Severe Plastic Deformation by Twist Extrusion

  1. Prof. Dr. Michael Zehetbauer2 and
  2. Prof. Ruslan Z. Valiev3
  1. Y. Beygelzimer,
  2. V. Varyukhin,
  3. D. Orlov,
  4. S. Synkov,
  5. A. Spuskanyuk and
  6. Y. Pashinska

Published Online: 28 JAN 2005

DOI: 10.1002/3527602461.ch9e

Nanomaterials by Severe Plastic Deformation

Nanomaterials by Severe Plastic Deformation

How to Cite

Beygelzimer, Y., Varyukhin, V., Orlov, D., Synkov, S., Spuskanyuk, A. and Pashinska, Y. (2005) Severe Plastic Deformation by Twist Extrusion, in Nanomaterials by Severe Plastic Deformation (eds M. Zehetbauer and R. Z. Valiev), Wiley-VCH Verlag GmbH & Co. KGaA, Weinheim, FRG. doi: 10.1002/3527602461.ch9e

Editor Information

  1. 2

    Institut für Materialphysik, Universität Wien, Boltzmanngasse 5, 1090 Wien, Austria

  2. 3

    Institute of Physics of Advanced Materials, Ufa State Aviation Technical University, 12 K. Marks Str., Ufa, 450 000, Russia

Author Information

  1. Donetsk Phys & Tech. Institute, 72 R. Luxembourg St., Donetsk, Ukraine

Publication History

  1. Published Online: 28 JAN 2005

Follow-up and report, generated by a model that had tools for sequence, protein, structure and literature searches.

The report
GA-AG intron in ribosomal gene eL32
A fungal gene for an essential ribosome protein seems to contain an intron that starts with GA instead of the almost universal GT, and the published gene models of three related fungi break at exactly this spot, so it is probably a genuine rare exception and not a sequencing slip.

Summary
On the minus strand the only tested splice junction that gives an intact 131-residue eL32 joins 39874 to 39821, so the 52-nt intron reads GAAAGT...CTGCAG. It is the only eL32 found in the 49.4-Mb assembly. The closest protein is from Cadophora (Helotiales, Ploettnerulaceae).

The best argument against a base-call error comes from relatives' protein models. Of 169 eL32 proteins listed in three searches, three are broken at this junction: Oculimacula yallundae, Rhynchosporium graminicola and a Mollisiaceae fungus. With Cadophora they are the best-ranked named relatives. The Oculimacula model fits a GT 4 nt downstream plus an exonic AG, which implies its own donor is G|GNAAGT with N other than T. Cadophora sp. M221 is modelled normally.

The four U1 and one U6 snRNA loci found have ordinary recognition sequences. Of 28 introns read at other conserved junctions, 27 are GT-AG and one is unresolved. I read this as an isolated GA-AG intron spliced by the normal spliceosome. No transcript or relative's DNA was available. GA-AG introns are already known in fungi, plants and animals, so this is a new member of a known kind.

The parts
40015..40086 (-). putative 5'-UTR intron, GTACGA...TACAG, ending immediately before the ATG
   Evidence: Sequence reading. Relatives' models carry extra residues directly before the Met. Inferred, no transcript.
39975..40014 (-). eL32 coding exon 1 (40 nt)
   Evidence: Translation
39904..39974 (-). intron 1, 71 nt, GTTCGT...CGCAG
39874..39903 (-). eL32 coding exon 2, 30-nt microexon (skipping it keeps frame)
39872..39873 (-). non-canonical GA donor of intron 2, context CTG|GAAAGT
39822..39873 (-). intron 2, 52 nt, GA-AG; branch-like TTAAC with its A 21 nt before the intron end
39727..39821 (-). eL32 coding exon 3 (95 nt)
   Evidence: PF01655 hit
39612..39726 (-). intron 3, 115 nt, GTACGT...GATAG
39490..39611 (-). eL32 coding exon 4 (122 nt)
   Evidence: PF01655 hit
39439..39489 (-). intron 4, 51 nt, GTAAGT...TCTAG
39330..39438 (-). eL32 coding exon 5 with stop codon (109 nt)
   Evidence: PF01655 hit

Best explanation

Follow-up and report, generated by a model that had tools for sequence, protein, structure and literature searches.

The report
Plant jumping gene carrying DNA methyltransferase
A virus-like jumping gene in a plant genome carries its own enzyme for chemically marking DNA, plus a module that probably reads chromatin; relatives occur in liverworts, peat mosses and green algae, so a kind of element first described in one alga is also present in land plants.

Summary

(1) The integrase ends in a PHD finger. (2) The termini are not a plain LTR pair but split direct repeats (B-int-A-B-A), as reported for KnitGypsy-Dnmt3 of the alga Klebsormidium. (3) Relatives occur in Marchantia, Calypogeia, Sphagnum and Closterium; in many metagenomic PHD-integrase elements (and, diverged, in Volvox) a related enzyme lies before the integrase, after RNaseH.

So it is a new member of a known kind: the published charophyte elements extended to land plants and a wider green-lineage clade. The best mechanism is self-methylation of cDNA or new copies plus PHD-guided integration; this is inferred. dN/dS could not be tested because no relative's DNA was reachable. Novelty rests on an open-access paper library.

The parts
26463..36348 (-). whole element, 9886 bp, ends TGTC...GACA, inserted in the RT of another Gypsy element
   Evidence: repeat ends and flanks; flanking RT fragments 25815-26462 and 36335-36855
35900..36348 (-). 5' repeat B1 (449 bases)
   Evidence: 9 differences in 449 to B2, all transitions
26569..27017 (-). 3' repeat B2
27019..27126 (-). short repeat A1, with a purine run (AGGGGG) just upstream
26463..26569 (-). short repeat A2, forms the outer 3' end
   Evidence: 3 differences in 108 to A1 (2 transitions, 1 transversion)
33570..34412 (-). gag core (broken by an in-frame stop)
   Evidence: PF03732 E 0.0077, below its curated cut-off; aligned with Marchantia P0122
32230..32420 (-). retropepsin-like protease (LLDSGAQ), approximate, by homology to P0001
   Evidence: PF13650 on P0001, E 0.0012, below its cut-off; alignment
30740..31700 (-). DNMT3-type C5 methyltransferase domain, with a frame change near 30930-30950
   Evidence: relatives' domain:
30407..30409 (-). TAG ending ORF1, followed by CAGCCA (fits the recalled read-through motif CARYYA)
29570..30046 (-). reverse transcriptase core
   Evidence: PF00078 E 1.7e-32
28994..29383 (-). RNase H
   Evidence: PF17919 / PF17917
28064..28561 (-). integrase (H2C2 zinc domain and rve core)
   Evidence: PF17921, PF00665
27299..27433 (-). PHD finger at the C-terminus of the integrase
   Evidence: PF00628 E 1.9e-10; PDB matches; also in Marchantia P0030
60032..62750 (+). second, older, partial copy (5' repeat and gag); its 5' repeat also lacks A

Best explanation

2. Published Print: 25 FEB 2004

ISBN Information

Print ISBN: 9783527306596

Online ISBN: 9783527602469



  • severe plastic deformation (SPD);
  • twist extrusion (TE);
  • bulk ultrafine-grained materials;
  • Cellular model


Severe plastic deformation (SPD) has been shown to be one of the most effective methods for obtaining bulk ultrafine-grained materials. It is typically performed using equal channel angular pressing (ECAP) and multiple forging. In this work we describe and analyze a new method for severe plastic deformations that is based on the direct extrusion of a bulk through a twist channel, and thus it is called “twist extrusion” (TE). The idea of this method and some first experimental results were published in [1]. In this paper we describe the method, the structure and the properties of the resulting work-pieces. A new approach to the investigation of the grain fragmentation at SPD is proposed and discussed. The fragmentation of grains is numerically simulated using a Cellular Model.